Safe at home

Rowan House Society

Rowan House Society decided to embrace a challenge. 

With over 20 years of experience providing domestic violence and abuse services in southern Alberta, Rowan House had noticed that responses to gender-based abuse tended to be one-sided. Most of the focus seemed to end up on the individuals who were experiencing abuse – not so much on the people using abuse. Too often, the responsibility solely falls on those experiencing abuse to report incidents, seek support, and advocate for change.

In Canada, people who experience gender-based violence are often women and members of 2SLGBTQI+ communitiesFootnote 1 . This violence and abuse can range from name-calling to assault, and its impacts can be profound. People experiencing abuse and seeking support are often asked to uproot their lives and take charge of “fixing” a situation that wasn’t their fault. But what if it didn’t have to be this way?

Rowan House decided that they needed to come up with an outside-the-box solution for domestic violence and abuse support services that people using abuse could access – so they did.

A one-of-a-kind solution

As part of the planning process, Rowan House talked to women who had stayed at the Emergency Shelter. They also sought advice from an advisory group made up of local leaders and experts in gender-based abuse, mental health, and law. These consultations helped to determine how Safe at Home could better support individuals experiencing domestic abuse without uprooting them from their home.

“For the first time, we are changing the way we think,” says Leah DeMarsh, Safe at Home Team Lead. “Safe at Home is asking the individual using abuse to take responsibility for their actions and ensure the safety of their partners and children.”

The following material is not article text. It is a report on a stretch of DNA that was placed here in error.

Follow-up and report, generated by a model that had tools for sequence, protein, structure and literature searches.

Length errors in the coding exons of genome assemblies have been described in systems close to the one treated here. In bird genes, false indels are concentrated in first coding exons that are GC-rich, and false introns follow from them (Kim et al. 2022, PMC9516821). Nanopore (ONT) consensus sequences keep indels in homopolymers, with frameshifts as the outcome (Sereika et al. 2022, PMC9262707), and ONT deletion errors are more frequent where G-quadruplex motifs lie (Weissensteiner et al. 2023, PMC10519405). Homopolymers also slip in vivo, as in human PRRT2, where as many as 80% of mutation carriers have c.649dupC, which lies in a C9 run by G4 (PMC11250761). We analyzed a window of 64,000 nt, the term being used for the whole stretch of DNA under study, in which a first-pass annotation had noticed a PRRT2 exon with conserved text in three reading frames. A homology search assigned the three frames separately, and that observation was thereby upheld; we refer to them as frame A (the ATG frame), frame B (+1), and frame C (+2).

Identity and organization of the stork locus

With support from Women and Gender Equality Canada, Rowan House launched the Safe at Home program in 2021. The four-year pilot project they developed focuses on men stopping the cycle of domestic abuse. Its three phases are carried out over 52 weeks.

“The premise is to provide wraparound support to families,” adds Linette Soldan, Rowan House Executive Director. “Women and children remain in their homes and the individuals using abuse receive support at an off-site facility.”

The first phase runs for as many as eight weeks. Men come to live at the Safe at Home off-site facility.  During the program, they receive support through life-skills training, case planning/goal attainment (working together to determine what they want to achieve), and educational groups. 

The educational group helps participants examine their behaviour and provide information, support, and knowledge on how to change their behaviour. “It’s important to explore the violence and abuse being used,” says Leah. “The participants become more aware of how their behaviour and actions impact others and, most importantly, that it is not acceptable.”

Phase two is ten weeks. The participants may or may not return to their previous homes with their partners and children. “It is important for us to ensure the safety of the families while working with individuals who have used violence and abuse,” says Linette.

It is up to the families to decide if the individual can return home and whether they are ready to reconcile. If they’re not, Rowan House supports the participants with finding other housing options.